Federal Judge Neff explains use of pre-motion conferences

By Roberta M. Gubbins

Legal News

"I am pleased to talk about my pre-motion conference procedure, which I adopted after I was at a seminar with some judges from the southern and eastern districts of New York where this is a common practices," said Judge Janet T. Neff, Judge, U.S. District Court, Western District of Michigan, speaking at the Federal Bar Association meeting in Lansing recently.

"What it is and why we do it. I knew going in that anytime you introduce something new there would be some resistance. Secondly, I knew that busy lawyers (litigators) are looking at another step in the process and their immediate response is 'oh, gees, just another hoop to jump through, one more tedious thing to deal with to get to the end of my case.'

"I don't believe that is the case and I will tell you why.

"The what of it is--After you have had your Rule 16 (Pretrial conference) and you have had discovery, the bell sort of goes off and you think 'I think I can get out of this case, I can file a motion and dispose of it without further expense to my client and time out of my schedule.'

"You want to get that process moving as fast as you can and that is where this process comes in. If you want to file a dispositive motion on one of my cases, you first have to file a request for a pre-motion conference that gives me a brief (not more than three page) explanation of what motion you want to file and why you want to file it.

"Your opponent gets a chance to reply. Once both pleadings are filed, I get everyone together, usually in chambers but on the record. We sit around the table and we talk about the motion.

"I do that for a couple of reasons, first of all, it helps me and it helps them to flesh out the case and it helps to be there in person. The conference on the record involves me and my law clerk, counsel of record who will be trying the case and arguing the motion and the court reporters.

"The final thing we do after we talk it through--if the motion is going to go forward, then we set a briefing schedule and I try to accommodate the lawyers--I ask how much time do you need to get your brief and then we set the schedule for the responding party and the moving party response.

"Why of it. Focus--I want the lawyer proposing the motion to focus on what do you want and what is the basis for your motion? It gets to the hinge issue in the case--what is the heart of the matter upon which a motion to dispose of this case can be decided.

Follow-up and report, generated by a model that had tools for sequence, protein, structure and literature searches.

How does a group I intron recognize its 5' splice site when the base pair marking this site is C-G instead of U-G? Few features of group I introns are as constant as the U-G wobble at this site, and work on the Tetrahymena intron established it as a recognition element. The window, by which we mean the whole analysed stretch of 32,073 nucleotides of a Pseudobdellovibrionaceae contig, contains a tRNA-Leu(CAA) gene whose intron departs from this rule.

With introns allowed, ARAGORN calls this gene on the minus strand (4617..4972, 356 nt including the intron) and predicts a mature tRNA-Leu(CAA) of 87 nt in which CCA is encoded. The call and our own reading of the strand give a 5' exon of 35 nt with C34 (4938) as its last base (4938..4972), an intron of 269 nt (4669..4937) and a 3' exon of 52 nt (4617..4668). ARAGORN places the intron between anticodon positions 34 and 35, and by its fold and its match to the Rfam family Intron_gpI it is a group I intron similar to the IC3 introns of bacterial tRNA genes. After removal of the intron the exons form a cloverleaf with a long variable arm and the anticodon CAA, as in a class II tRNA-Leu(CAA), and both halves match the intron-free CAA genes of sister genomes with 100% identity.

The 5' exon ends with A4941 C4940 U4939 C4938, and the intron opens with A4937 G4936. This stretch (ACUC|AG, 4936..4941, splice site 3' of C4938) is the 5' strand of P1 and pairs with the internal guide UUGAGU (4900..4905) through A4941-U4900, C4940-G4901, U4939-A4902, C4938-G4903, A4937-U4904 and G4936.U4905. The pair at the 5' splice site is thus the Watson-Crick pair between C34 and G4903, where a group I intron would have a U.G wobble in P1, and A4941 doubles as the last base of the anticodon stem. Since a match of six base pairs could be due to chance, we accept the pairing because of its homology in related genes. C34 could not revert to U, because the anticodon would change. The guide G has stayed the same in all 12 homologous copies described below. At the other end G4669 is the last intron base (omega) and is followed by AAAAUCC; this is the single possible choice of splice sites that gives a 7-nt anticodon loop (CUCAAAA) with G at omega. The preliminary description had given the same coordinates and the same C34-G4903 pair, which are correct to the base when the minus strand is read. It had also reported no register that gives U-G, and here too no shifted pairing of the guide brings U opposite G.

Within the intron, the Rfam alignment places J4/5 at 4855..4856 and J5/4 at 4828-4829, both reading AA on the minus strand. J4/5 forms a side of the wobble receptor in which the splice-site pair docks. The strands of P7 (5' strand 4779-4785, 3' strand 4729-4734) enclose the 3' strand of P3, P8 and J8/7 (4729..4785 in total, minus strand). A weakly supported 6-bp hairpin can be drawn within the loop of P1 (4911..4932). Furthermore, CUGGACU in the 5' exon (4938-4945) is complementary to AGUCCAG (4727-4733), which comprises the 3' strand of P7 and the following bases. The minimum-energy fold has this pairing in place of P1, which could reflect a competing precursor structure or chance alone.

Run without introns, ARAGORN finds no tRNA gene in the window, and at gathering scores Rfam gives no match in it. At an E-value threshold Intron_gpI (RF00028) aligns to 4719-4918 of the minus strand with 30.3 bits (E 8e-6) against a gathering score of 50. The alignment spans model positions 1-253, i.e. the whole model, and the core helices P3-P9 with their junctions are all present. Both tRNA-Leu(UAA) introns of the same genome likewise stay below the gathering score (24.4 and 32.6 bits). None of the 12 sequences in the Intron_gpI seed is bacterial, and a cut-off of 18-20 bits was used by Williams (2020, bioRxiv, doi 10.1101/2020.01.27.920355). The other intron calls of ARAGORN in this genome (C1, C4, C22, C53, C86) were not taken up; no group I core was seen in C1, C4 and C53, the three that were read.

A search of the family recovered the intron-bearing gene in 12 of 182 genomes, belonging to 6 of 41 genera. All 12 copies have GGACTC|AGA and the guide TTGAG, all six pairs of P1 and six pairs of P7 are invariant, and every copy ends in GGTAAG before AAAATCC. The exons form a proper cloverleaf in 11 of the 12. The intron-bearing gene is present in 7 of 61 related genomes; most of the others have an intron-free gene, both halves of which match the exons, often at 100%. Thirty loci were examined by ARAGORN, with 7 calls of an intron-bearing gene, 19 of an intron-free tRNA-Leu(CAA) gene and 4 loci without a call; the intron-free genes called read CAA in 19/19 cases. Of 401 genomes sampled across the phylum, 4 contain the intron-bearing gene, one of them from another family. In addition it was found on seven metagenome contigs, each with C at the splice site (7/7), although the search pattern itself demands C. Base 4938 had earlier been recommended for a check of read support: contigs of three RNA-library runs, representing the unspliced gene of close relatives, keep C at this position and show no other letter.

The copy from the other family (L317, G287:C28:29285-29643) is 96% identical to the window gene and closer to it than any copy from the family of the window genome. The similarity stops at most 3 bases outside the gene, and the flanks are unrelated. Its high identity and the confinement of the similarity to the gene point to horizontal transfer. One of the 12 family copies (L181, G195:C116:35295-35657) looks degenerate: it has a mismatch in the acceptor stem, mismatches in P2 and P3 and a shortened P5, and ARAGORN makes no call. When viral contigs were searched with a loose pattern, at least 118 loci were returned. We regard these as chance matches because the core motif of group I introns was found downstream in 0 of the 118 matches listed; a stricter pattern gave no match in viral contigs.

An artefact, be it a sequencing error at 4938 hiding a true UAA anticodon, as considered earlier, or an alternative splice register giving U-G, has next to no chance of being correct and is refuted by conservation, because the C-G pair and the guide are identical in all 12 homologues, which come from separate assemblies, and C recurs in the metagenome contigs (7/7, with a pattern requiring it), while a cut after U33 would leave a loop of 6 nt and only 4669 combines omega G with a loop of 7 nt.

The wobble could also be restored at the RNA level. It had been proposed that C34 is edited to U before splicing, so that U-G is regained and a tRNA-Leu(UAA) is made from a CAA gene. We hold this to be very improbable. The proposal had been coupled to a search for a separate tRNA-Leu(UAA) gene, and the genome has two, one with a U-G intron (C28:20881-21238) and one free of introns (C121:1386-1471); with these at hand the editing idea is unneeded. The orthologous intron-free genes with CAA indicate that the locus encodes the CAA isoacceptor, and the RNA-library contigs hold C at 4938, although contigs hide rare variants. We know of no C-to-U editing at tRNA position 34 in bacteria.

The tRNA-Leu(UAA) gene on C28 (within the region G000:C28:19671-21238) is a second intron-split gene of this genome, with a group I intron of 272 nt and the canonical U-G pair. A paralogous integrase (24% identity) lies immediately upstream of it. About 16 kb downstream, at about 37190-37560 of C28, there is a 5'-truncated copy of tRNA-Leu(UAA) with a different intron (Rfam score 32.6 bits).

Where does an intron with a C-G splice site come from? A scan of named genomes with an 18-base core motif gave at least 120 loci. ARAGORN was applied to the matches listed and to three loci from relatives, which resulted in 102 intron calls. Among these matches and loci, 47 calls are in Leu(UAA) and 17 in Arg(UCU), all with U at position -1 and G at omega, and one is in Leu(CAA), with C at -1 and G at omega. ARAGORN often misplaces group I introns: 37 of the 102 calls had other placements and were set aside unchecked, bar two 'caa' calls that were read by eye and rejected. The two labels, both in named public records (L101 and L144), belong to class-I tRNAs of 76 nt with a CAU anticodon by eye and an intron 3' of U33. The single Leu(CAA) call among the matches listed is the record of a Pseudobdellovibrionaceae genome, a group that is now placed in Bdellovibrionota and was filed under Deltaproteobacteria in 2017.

"Not a bunch of fuzzy stuff--some affirmative defenses go on for paragraphs. All that boilerplate is worthless and time consuming and it gets us going off on the wrong track on some cases and we research things that are not important so I want you to focus on what it is you want and why you think you are entitled to it.

"The results that we have had include streamlining the briefing process and that is maybe its primary purpose but secondarily, I have found that sometimes issues fall away, claims fall away and every once in a while a case actually gets resolved.

"Records of the pre motion conferences held in the past year and a half indicate -43 conferences held, 15 resolved and 18 partially resolved. I am sure you understand what that does for your time. And ours."

The purposes of the pre-motion dialogues are multiple

* Informal dialogue that goes on between and among the lawyers really does help move things along.

* A lot of things become clearer.

* Many things become resolved.

* We get a clear picture of what the case is about and where it is going.

* We have a more efficient bundling of the motions.

* It results in a better product from our chambers.

"We all want to resolve civil litigation as fairly and as efficiently as we can. It serves your clients, and it has the effect of conserving our resources, which are limited. If you are going to file a request for a conference, please read the requirements that are on the Web site: www. miwd. uscourts.gov."

Hon. Janet T. Neff graduated from the University of Pittsburgh. She received her J.D. from Wayne State University Law School. Before her appointment to the Federal Bench in 2007, she was Judge, Michigan Court of Appeals.

Published: Thu, Dec 24, 2009